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Getting Ready to Enroll in Medicare?

Learn how to make the best choices for your health care needs

En español | Welcome to the world of Medicare. More than 60 million Americans get their health care coverage through this federal insurance program for older Americans.

At 65, you become eligible for the program — which means you will need to set aside extra time around that milestone birthday to sift through many options so you can sign up for the coverage that meets your health needs and budget. 

It’s up to you to get ready. No letter will arrive in the mail announcing it’s time to start making these decisions. What’s more, the timetable is specific — and important. You can start signing up three months before you turn 65 and you’ll have until three months after your birthday month to enroll. If you miss that deadline, you may end up paying higher premiums. If you are still working and have employer-sponsored health coverage, you can probably wait to sign up —but more about that later.

Think of Medicare as a buffet. You’ll want to pick the options that you can afford and that will meet your particular medical needs. Here are the four basic parts of Medicare that will cover you for everything from hospital care to doctor visits to prescription drugs.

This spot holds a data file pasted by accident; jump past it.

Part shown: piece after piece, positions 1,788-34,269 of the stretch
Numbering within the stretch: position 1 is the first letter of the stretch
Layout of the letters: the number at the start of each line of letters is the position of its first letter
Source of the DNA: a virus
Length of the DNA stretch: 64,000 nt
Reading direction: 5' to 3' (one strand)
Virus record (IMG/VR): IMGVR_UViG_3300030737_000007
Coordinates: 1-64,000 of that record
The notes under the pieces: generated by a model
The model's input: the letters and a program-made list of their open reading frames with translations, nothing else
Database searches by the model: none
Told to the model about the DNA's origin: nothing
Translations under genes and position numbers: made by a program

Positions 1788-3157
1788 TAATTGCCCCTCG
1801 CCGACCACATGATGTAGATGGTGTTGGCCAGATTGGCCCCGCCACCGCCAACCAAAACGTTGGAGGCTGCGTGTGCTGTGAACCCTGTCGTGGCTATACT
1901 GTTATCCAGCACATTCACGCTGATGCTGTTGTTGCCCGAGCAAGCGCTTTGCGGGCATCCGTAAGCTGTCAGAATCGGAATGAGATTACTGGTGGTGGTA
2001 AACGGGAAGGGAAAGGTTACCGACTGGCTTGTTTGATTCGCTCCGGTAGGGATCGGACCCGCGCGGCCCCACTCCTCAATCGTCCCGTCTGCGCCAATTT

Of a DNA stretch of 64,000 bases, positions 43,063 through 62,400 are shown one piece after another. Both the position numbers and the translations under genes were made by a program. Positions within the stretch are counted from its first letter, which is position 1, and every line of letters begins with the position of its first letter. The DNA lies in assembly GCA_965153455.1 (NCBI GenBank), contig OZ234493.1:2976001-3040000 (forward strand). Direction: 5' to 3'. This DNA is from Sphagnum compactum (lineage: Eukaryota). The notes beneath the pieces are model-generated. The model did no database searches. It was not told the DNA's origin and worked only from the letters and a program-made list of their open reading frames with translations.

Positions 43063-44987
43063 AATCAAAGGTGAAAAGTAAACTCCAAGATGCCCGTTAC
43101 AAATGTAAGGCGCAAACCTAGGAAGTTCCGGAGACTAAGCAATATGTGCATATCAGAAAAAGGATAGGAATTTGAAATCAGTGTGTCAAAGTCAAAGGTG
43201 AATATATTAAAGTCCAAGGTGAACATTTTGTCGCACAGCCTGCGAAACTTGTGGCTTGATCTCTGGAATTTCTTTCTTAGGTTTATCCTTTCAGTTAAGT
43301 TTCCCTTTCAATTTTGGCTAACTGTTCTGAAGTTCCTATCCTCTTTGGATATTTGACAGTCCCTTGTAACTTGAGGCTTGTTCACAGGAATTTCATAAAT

• Part A covers hospital care and some nursing home, rehabilitation and hospice care
  • Part B covers doctor visits, lab tests, screenings and other outpatient services.
  • Part C, also called Medicare Advantage, is comprehensive coverage that combines Parts A and B and is provided by private insurers, usually through HMO or PPO plans.
  • Part D covers prescription drugs.

If Medicare is a buffet, Part C, known as Medicare Advantage, is more like a sit-down meal, since a private insurer bundles together parts A and B and most likely D into one comprehensive plan.

That leads us to your first big Medicare decision. Choosing between the two options for getting your medical coverage: Medicare Advantage (sit-down meal) or Original Medicare (a la carte.) Here’s a quick breakdown of each.